Invisible Llama Music presents:
Entry Requirements: 16+ (under 18s must be accompanied by an adult)
Seán McGowan is back in Bristol at The Louisiana!
Full band. Smaller room. You know what to do.
You can sum up the journey of Seán McGowan, the son of the smith, with the title of his first EP on Xtra Mile: Graft & Grief. Work and stress. Life at the anvil and hammer, bearing the brunt of life’s weight. Since 2009 he’s been at that grindstone, gathering stories and carving melodies while working late nights in bars between shows armed with just an acoustic guitar. Somehow the perpetual “new artist”, even as others adorned with that title come and go, and Seán is still at it allowing the songs to pour forth like the finest lager.
After two EPs, 2011’s McGovernment and 2012’s The People’s Music, he really became “one to watch” in 2013 around Brighton’s The Great Escape festival, and tours with Get Cape. Wear Cape. Fly., The Rifles, Beans on Toast and Frank Turner followed. In early 2014, Sam Duckworth (Get Cape) helped Seán piece together his first double A-side single and would continue to be his go-to producer to this day at Sam’s own Amazing Grace studios. ‘Come Unstuck’ (featuring Frank Turner on backing vocals) and ‘Swings & Roundabouts’ emerged, and he spent the rest of the year on the road with Sam in the UK and Rob Lynch in Europe. After releasing the Look Lively EP in early 2016 and touring with Grace Petrie and Recreations (Sam again), he released breakthrough single ‘No Show’ and embarked on a sold-out full-band UK tour. He signed with Xtra Mile in 2017 before releasing his EP Graft & Grief in September. But all of this may not have happened, because Seán was struggling with doubt.
“I was getting to that age where all my friends had proper jobs and were moving out or going on holiday and I get a little bit down about all that, you know,” he explains. “I’d been cracking away at this for so long and I wasn’t sure if it was right for me anymore. And that’s not even down to thinking I deserved more opportunity. It’s tough to go away on tour and the having no money thing is an issue when you want to exist.”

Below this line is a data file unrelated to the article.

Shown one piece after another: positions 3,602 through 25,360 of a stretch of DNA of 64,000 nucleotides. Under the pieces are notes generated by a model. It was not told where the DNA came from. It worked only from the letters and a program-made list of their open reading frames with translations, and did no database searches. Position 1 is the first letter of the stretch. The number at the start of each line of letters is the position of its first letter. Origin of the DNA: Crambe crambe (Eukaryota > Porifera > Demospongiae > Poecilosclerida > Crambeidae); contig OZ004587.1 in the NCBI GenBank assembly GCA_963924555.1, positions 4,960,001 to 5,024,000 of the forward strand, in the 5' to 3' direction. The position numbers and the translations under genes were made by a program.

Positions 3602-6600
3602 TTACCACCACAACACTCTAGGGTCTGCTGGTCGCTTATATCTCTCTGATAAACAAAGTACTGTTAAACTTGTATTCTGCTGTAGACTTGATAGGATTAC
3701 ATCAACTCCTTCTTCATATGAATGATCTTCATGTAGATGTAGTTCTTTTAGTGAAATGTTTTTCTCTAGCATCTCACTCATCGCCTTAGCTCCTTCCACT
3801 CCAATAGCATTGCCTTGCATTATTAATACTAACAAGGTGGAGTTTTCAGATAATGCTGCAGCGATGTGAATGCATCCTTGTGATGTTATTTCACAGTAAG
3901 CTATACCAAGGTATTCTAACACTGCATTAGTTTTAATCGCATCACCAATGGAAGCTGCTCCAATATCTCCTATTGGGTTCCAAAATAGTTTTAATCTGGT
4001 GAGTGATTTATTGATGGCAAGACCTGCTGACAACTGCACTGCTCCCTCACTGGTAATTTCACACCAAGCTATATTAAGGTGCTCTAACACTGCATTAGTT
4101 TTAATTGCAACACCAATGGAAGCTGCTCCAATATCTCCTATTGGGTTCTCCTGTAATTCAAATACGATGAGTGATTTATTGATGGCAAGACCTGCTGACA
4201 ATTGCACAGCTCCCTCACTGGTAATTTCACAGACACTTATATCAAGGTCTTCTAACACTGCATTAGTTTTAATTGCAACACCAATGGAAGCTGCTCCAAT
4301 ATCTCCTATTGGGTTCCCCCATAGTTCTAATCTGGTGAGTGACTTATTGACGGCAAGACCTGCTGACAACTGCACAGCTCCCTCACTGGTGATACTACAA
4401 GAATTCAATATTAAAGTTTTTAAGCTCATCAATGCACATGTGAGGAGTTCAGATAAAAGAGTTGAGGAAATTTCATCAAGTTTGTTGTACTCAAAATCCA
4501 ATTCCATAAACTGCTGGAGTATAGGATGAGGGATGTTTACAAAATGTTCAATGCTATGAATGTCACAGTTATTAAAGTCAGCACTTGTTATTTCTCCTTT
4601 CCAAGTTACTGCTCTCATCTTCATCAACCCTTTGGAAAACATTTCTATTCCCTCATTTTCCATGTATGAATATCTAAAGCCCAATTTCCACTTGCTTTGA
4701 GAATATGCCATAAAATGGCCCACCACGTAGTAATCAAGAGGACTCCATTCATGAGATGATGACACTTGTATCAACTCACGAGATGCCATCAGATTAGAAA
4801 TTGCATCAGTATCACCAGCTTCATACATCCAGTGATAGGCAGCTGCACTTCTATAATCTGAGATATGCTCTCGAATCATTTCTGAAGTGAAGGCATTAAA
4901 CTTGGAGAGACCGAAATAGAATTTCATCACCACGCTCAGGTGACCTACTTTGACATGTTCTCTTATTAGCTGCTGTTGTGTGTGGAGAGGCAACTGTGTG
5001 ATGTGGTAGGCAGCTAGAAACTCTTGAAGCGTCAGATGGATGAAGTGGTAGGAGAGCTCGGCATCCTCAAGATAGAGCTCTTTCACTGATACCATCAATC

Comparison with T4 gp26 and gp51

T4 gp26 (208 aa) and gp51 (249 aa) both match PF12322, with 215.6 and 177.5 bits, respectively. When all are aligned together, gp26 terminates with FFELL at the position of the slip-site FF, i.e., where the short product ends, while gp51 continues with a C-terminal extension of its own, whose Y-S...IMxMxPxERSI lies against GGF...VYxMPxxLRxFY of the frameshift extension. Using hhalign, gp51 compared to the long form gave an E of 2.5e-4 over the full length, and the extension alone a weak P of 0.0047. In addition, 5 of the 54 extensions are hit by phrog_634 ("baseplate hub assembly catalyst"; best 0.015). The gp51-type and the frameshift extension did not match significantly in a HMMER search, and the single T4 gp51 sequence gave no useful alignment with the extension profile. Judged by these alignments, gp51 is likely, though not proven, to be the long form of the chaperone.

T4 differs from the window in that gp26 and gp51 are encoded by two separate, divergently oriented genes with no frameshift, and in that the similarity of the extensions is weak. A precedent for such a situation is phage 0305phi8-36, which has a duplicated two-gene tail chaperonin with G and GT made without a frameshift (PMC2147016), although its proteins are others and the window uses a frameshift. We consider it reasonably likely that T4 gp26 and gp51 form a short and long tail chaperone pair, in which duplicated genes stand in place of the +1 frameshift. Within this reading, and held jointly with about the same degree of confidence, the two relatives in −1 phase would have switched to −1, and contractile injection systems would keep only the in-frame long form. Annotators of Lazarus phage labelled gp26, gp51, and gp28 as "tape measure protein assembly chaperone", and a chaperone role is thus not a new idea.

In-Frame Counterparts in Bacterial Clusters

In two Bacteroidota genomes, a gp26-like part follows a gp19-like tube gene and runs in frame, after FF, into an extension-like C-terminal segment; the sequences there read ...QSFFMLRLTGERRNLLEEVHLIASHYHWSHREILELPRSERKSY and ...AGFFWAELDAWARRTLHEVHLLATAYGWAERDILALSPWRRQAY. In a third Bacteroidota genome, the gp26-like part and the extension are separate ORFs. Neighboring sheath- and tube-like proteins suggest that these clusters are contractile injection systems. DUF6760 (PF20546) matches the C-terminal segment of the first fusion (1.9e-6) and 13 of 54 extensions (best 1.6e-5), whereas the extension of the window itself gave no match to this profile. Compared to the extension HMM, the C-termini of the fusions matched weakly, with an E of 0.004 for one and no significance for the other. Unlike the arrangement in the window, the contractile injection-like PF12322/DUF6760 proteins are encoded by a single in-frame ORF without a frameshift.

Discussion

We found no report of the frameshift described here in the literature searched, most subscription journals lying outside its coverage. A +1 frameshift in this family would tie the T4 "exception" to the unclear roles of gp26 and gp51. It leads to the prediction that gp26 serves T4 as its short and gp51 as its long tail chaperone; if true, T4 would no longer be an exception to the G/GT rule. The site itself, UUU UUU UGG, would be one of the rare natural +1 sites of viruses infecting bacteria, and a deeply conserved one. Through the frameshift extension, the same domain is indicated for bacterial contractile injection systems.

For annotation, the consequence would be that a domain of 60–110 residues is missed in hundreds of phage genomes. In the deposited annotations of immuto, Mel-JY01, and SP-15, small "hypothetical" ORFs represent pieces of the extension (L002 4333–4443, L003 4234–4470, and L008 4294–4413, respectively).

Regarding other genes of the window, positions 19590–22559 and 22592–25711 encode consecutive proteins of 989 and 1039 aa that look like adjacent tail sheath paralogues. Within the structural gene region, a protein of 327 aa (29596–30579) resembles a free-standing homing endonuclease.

It wasn’t until he spent time (starting in 2015) touring with rum-fuelled punk-folk sextet and now-labelmates Skinny Lister – a riotous test of your touring mettle, however long you’ve been on the road – that Seán felt ready to tackle the hard work, to keep at his craft. It was the confidence boost and the inspiration he needed to plough into his songwriting and keep touring.
Growing up in the dockers town of Southampton with strong working class friendships informed Seán’s morals and politics, as well as his work ethic. With deep family ties to London’s Shepherd’s Bush area, a stint living in Camberwell while recording Graft & Grief in 2017, and coming from an Irish family – whose name translates to his debut album title, Son of the Smith – his voice is one of authentic young working class Britain. Whether in the lyrics of his songs or the aspirations he holds, even his musical influences ranging from Mike Skinner of The Streets, Kate Tempest and grime to Billy Bragg, Seán has more to say about ordinary people than a lot of singer-songwriters of his age and standing.
With this at his core, he first encountered the forefather of punk-tinged political folk, Billy Bragg, in person in 2013 after being given a slot on Bragg’s Left Field stage at Glastonbury Festival. Since then, Bragg has given him advice and opportunity. “[Billy] gave me a voice, a direction, he’s kept me out of a lot of trouble. It’s been massive for me and touring with him [in 2017] was a dream come true.”
As Seán has travelled further and wider, he found his songs seem to resonate with people across the whole of the UK and even in places like Ireland and Germany. “You learn a lot about different places, see the similarities,” he says. “Everyone’s plight can be kinda similar.” And with songs like ‘Cuppa Tea’, ‘Porky Pies’, and ‘Mind the Gap’ springing from his debut album, that can only be a good thing for Seán, and for his listeners. “The current social political climate, I think it’s too hard to ignore now. People are looking for answers [or] they’re looking for an escape and I think that validates this sort of scene. It has a place in people’s day-to-day, you know?” And what that translates to is being on the road, gigging, meeting people, interacting, finding out where they’re from and what makes them tick. Seán’s building stories to be told. His songs are like siren calls, guiding people from their minimum-wage jobs to rock that will take them from their lives for a bit, or reflect it back to them, regardless of dialect or outlook. Songs about drinking and failing, incredible friendships, hating work, laughing at dickheads, shaking our heads at society’s apathy – we’ve all been there and they’re all here for us now.